Read for instance Tales of an ex-Microsoft Manager or The Poisonous Employee-Ranking System That Helps Explain Microsoft’s Demise. (Aside: did someone at Slate get a shitty review years ago and now they are determined to get their payback?). If you believe these, Microsoft failed in part because of its corrosive review system, everybody hated it, not a single person at Microsoft liked it, its existence was hidden, etc etc etc. Man that place must have been utter hell to work at.

http://www.flickr.com/photos/33037982@N04/I was at Microsoft from 1988 to 1999 and have a different experience. Stack ranking (sometimes called the lifeboat drill) was in effect and the system worked fine. It wasn’t hidden, everyone knew they were being ranked. Yes there was stress around review season and yes people could be unhappy, but it didn’t immobilize the organizations I worked in, and people still worked hard and were committed. Perhaps the system in place at Microsoft in the last dozen years is dramatically different than the system in place when I was there.

In my working and academic life, stack ranking has been pervasive and omnipresent. I was stack ranked in high school via grades and class standing. I was stack ranked in college, every course I took had a curve. I was stack ranked in graduate school. I was stack ranked aggressively at Booz-Allen & Hamilton: it was an “up or out” organization, you either got promoted every two years or you were “counseled out”, and everyone knew exactly what everyone else was getting paid. I was stack ranked at Microsoft. We’ve kept track of individual partner returns at Ignition so I am effectively stack ranked now. The notion of stack ranking doesn’t offend me. The last time I wasn’t stack ranked was when I got my 5th grade “Certificate of Participation” for pony football.

Every team I have been on has a distribution of people with a distribution of effectiveness. The people at the bottom of the stack rank are not bad people, they are just the least effective people on the team. It could be a bad fit for them. Or maybe they had other things going on in their life this year that hampered their effectiveness. Whatever the reason, there are real differences across a team in performance and effectiveness. And some part (not all) of compensation will be tied to effectiveness, that seems pretty fair to me. Every manager and company I have worked for has been honest about this system and has explained it well.

My annual review results have never been a big surprise to me. And for a lot of people on my teams, the annual reviews were never a surprise to them either. Because annual results are not something that get unveiled once a year. You build your own annual results (and thereby your review outcomes) one month, one week, one day, one hour at a time. Your story is getting built all year long, and you should know where you stand all along the way. I was always very observant of my own results and those of my peers and tried to adapt along the way each year. People that aggressively manage their career and their work are generally not surprised by year end results.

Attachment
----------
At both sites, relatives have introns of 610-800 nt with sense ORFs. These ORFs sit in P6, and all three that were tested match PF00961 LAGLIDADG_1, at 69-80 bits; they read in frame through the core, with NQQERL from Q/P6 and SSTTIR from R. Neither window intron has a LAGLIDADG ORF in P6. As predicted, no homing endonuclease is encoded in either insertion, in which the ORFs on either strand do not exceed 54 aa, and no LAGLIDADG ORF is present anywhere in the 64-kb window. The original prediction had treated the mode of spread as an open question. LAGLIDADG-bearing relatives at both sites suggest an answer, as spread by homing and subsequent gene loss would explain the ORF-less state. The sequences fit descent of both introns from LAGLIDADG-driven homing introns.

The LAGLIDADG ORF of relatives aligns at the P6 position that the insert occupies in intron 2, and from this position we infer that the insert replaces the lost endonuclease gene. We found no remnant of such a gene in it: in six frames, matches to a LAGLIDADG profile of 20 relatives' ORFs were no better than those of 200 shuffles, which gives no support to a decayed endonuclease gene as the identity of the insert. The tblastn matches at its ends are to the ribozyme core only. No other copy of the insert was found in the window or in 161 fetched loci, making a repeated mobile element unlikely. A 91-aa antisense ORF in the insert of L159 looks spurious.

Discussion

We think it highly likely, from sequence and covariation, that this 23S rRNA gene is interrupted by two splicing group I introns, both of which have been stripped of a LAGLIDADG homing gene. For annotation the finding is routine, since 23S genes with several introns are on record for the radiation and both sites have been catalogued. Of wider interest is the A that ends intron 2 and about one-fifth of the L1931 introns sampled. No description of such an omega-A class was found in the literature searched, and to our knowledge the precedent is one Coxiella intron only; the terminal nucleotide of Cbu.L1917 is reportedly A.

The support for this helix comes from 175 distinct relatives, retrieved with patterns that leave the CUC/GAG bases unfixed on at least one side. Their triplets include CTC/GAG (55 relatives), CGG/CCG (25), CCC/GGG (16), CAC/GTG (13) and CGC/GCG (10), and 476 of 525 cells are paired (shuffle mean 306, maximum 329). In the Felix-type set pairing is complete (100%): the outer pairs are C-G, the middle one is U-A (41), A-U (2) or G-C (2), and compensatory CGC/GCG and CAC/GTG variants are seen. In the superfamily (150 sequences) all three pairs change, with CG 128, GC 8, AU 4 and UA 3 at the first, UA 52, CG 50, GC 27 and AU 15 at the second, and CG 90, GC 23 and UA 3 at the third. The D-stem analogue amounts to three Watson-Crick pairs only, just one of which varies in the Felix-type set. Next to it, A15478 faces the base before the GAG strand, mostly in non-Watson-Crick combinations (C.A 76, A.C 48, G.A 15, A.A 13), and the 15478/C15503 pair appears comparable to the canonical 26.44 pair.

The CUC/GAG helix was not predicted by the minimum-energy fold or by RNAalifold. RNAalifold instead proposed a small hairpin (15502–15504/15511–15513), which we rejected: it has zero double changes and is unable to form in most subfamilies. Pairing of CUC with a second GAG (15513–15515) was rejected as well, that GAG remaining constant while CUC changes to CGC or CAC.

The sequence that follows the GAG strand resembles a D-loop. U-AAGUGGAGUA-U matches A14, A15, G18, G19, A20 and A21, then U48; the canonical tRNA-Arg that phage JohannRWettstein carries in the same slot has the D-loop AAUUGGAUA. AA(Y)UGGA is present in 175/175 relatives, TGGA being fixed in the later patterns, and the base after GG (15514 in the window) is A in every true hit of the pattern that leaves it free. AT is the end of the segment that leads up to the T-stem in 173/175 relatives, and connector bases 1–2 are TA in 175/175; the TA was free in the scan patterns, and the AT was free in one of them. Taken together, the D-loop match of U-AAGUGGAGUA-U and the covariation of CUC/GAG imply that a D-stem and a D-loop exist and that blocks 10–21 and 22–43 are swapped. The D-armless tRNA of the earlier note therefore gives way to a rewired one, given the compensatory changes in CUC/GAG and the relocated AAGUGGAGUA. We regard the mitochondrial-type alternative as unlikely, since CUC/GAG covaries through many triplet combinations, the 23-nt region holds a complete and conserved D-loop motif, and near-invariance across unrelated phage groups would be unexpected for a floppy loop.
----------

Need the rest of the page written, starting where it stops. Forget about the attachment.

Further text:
So — for me anyway, stack ranking has been omnipresent, it is not irrational, it has never been an ugly surprise. But a lot of people think it is awful at Microsoft, and that eliminating it would have helped the company. I will offer a different view.

When things are going great at a company, as they were at Microsoft in the 90s, no one complains about stack ranking. When things aren’t going great, then people complain about stack ranking and about everything else. Why aren’t things going great?

  • The mission for the company is unclear. Employees are not excited, not inspired. Customers are not excited and inspired. Developer interest is waning. Analysts are not excited, the company is no longer viewed as a bellweather.
  • And growth in stock price has stalled, partly as a result of the lack of compelling mission. The rising tide is not lifting all boats. Comp starts to feel like a zero-sum game.
  • And the organization is not growing dramatically. The opportunity to move around the company and find better fits is more limited. A low performer on one team may be a star elsewhere due to a better skill match, better team meshing, or whatever. Having a ton of new teams starting up is a great release valve to have in a company

If you took a magic wand and “fixed” the stack ranking system at Microsoft, but left everything else constant, people still wouldn’t be happy. The underlying problems of mission and growth need to be attacked, and the other dominos will fall. I suspect, as Ben Slivka has articulated, these problems are easier to solve in Microsoft broken into some parts with separable and clear missions. But the stack rank is not at the heart of Microsoft’s problems, and is not at the heart of issues to address going forward.